Tame Impala album slowly approaching

Slow Rush stirs audiences’ emotions partly by provoking nostalgia



Lead singer Kevin Parker and band enamours audience at a music festival.

Rose Wright, Staff Writer

Australian psychedelic singer Tame Impala’s new album The Slow Rush begins its exciting journey to release on Feb. 14, featuring their latest four singles “Lost In Yesterday,” “Posthumous Forgiveness,” “It Might Be Time,” and “Borderline.”
Listeners can all breathe a collective sigh of relief after this long awaited album. The last album released by the singer was Currents in 2015, nearly five years ago. Since then he’s released an EP in 2017. Tame Impala fans have been waiting on the edges of their seats only getting tastes for the new album with the four released singles to preview The Slow Rush.
Impala’s upcoming LP will consist of 12 tracks, mostly produced and written by lead singer and curator, Kevin Parker. So far the most recent four singles have shown that fans can expect Impala’s usual bass heavy psychedelic-pop tunes in The Slow Rush, much like Currents, their fourth album.
Switching back and forth between Parker’s home studio in Fremantle, Australia and Los Angeles, Tame Impala mixed The Slow Rush independently, and described the album in an interview with the New York Times as “This idea of time passing, of seeing your life flash before your eyes, being able to see clearly your life from this point onwards.”
The latest single released prior to Parker’s upcoming album is the track “Lost In Yesterday,” which gives an insight to the tone of The Slow Rush, provoking nostalgia in the listener while also being enlivening.
The use of deep drums and clanging cymbals showcase a deep conflict, with the appearance of electric whistles creating a mysterious melody that plays with the listener’s emotions. “Lost In Yesterday” is all about leaving yesterday behind in order to look forward to the future. The lyrics invoke not only nostalgia but this overwhelming sense of hope, giving listeners a reminder in the form of carpe diem with a side of disco beats.“If it calls you, embrace it.” Parker sings, “If it haunts you embrace it.”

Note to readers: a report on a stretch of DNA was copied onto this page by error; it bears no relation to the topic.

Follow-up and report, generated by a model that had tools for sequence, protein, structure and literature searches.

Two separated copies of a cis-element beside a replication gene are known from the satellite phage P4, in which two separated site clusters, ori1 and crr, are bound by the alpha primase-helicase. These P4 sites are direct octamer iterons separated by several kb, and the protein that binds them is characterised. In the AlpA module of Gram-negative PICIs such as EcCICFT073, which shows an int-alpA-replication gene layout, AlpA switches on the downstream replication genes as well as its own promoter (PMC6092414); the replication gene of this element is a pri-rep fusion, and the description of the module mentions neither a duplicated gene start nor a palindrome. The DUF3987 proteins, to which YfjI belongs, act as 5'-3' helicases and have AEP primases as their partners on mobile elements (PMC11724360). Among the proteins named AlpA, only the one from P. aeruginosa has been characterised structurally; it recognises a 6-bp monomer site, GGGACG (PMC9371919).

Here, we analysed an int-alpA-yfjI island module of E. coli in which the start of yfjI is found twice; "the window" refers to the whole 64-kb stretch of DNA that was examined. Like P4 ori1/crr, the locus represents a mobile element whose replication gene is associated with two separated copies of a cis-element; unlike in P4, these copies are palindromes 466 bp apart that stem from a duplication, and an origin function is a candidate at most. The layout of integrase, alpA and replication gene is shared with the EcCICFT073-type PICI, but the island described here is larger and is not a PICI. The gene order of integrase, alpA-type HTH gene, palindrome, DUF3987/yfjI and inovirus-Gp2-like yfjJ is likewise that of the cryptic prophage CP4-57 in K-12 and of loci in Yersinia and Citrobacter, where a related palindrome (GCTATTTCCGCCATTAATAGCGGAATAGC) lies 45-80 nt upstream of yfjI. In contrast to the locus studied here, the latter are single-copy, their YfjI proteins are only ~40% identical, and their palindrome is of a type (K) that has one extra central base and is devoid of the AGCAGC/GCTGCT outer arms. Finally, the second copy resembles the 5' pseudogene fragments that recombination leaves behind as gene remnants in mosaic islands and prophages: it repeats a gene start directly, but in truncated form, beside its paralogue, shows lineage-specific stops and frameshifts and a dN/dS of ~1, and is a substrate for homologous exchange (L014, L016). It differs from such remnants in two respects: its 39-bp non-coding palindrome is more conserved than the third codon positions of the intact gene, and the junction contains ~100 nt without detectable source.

Next on Parker’s upcoming album is the track “It Might Be Time” which can be best described as an electronic existential crisis. The song starts off with deep and entrancing piano keys, but explodes with blown out drums when the chorus hits.
Produced with wailing sirens during the hook that contrast with the fast-paced piano chords used throughout the song as the main instrumental focus, the track perfectly juxtaposes the moments of anxiety building up to the inevitable breakdown of Parker’s psyche during the chorus.
“It Might Be Time” is a complex and contemplative piece that provides insight into Parker’s jumbled mind. The song truly shows a side of Parker’s mind that faces anxiety and worry around the thought of being forgotten or one-step behind relevancy. It showcases a feeling that many songwriters or celebrities may feel from time to time.
Released after “It Might Be Time” is “Posthumous Forgiveness.” A track dedicated to Parker’s father, who passed away while Parker was just writing his first album. The two had an estranged relationship due to the divorce him and Parker’s mother had when Parker was only 12, the song has two parts, but the first is heavy with electronic rhythms and bass.
The synth-heavy track provides a tone of mysteriousness and heartache throughout part one, however as the introduction to part two begins, the lyrics turn into words of understanding. Switching from the sting of betrayal Parker felt, to the regret of not being able to spend more time with his father while he was still alive.
Part II of “Posthumous Forgiveness” features vibrating synth-produced beats that transform the melody of the song into a psychedelic-infused ballad. The fading of time with his father, the opportunities they missed to share together and Parker’s sadness of how the past turned out.
The last single Parker released that will be appearing in The Slow Rush is “Borderline,”which immediately begins with a deep beatles-inspired Hofner bass and heavy hypnotizing drums, featuring Parker’s signature synthesizer rhythms.
“Borderline” focuses on a relationship on the brink of ending, like a vase on the edge of a counter waiting to be knocked over. The tense and uncertain prose written to display the cracks already forming in the partnership, with echoes of Parker’s lyrics to emphasize the severity of the impending split, much like his parent’s own split during his childhood.
Overall, from what Parker’s singles entail, The Slow Rush shows a promising tracklist that compares to Currents. Although early fans may be upset by the fact that his recent works differ significantly from his past albums Lonerism and InnerSpeaker, Parker seems to be having fun with his own new genre of electronic psychedelic-pop to mind.